MAN ABOUT TOWN SPECIAL EDITION:
Who’s the Next Mayor?
May 5, 2010
It’s all over but the shouting, which broke out last night at Ireland’s 4 Provinces restaurant, informal election night headquarters for the CBC (Citizens for a Better City). The CBC has run this town ever since I’ve lived here, and quite a while before that. Now they’ve lost, and judging from the gossip, one or two key CBC members “lost it” at the 4P’s when they realized that fact. Whole lot of shouting going on.
I’m not a politician, a glad-handler, or a backroom guy. I’m neither a Democrat nor a Republican, and I don’t care what parties the members of City Council or the School Board might belong to – although I think it’s healthy to have a mix.
But despite some vigorous protests expressed on this online newspaper’s comments section, it seems clear to me that CBC members tend to vote as a block. Current City Council makeup is five CBC members and two non-CBC. Come July 1, that equation will change to four non-CBC and three CBC. Hence the hysteria at 4 Provinces.
It’s a healthy change – reminds me of when Mexico’s PRI party finally lost after 70 years in power. But as Mexico learned, just because you get some fresh leadership doesn’t mean your problems are over. The winning non-CBC candidates better party hardy while they can, because when they step into Council Chambers on July 1, the party’s over. They are inheriting a real mess.
Just because the CBC lost power doesn’t mean the budget will stay balanced (and let’s see how long the fund balance can stay solvent even with the huge tax increase).
Just because the CBC lost power doesn’t mean there will be seats for the burgeoning number of pre-schoolers and 1st graders at Mount Daniel Elementary.
Just because the CBC lost power doesn’t mean we’re getting Sunday library days back, or mulch deliveries, or GEORGE bus service, or Easter Egg hunts and Halloween parties. You can’t put Humpty Dumpty back together again.
All politics is local, they say. But I say to the non-CBC winners: take a page from the Obama campaign, and be gracious in victory. You can afford to be conciliatory to the CBC power structure, which at least on election night as I write this must be feeling nearly suicidal.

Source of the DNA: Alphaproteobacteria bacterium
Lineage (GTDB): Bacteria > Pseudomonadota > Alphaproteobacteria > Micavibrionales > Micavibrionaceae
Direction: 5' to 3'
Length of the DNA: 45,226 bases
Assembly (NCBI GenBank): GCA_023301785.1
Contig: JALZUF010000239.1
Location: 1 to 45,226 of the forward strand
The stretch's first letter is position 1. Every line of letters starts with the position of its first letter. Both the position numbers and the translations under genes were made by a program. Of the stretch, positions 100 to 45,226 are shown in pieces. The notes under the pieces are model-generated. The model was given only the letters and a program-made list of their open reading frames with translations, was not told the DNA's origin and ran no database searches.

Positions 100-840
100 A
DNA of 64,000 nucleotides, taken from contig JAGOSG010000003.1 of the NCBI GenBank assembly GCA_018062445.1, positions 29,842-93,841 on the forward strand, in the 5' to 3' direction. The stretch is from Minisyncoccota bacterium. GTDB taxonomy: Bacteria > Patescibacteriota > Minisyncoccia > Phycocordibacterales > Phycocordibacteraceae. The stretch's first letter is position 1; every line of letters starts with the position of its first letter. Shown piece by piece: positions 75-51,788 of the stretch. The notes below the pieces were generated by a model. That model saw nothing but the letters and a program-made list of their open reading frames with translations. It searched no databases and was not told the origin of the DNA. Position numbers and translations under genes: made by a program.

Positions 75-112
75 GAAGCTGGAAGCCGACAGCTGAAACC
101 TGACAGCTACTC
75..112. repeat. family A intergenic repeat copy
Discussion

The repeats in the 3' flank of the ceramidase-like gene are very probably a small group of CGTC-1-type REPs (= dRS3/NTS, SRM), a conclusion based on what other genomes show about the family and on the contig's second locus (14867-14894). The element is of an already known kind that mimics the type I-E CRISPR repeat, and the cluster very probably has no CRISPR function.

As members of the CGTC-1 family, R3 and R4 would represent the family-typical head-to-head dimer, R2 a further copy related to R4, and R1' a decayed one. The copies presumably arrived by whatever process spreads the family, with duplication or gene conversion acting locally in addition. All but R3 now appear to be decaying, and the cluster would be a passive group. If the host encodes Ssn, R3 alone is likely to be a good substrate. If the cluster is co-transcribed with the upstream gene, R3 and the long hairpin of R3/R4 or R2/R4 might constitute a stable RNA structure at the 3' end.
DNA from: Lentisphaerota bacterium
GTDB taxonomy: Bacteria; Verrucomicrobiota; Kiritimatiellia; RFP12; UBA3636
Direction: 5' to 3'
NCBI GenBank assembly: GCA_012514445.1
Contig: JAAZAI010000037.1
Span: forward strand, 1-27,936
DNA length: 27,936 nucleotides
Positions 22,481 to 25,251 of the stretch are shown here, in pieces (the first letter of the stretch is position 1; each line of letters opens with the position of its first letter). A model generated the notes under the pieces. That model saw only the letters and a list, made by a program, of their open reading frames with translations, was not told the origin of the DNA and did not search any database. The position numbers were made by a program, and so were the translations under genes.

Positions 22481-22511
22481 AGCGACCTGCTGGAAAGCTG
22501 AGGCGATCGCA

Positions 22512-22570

I don’t want to see a City Council delivering a series of 4-3 votes. I want to see a Council that pulls together for the good of the City. And the best way to start that off is to appoint the best qualified council member as mayor, regardless of affiliation.
Council member Dave Snyder has already served a term as mayor, and has 16 years on the Council to boot. It could be argued that he’s best qualified. Well, no doubt he has more institutional knowledge than anyone else, but the mayor’s role is very different from that of a president – it’s more like the Speaker of the House, who gets one vote, just like all the other members.
We need a mayor who can cajole this disparate group of seven into something cohesive. The long knives need to be put away for a season. And we need to honor the voters. The fact is, the top vote-getter ran on the CBC slate. That’s School Board Chairman Ron Peppe.
One change this city might make is to let the voters elect the mayor. I think it would give us voters more buy-in and maybe even increase turnout, which was disappointingly low this time. But in the meantime, if the non-CBC majority on the new Council wanted to really make a magnanimous start, they would elect the top vote-getter as mayor.
I don’t know Peppe well, so perhaps I’m taking a risk in endorsing him, but what I do know about him is impressive. He doesn’t seem to have enemies. That’s amazing. If I were to fault him it would be because he didn’t speak out strongly on some of the divisive issues of the campaign such as changing the election date and building a new Seniors housing complex. But I realize that’s because he’s a smart politician, and knew the niche that would serve him best. I’m not opposed to smart.
If you’ve read this far, you likely know someone politically influential in this little city. Even more likely, you ARE (or were) someone influential. Do the right thing. Urge the new powers that be not to let that power go to their heads. Let’s have a coordinated, friendly, and helpful transition – one that will help calm the old guard’s fears.
So I say to Dave Snyder, Ira Kaylin, Johannah Barry, and Nader Baroukh: there is a far, far better thing you can do than you have ever done. Give Peppe a chance. Don’t forget — Falls Church is all about the schools, so what could be more appropriate than to elevate a very successful school board chairman to the office of mayor?
And while you’re waiting to do that, go down to Ireland’s 4 Provinces and help the CBC losers clean up all that broken glass.
By George Southern
May 5, 2010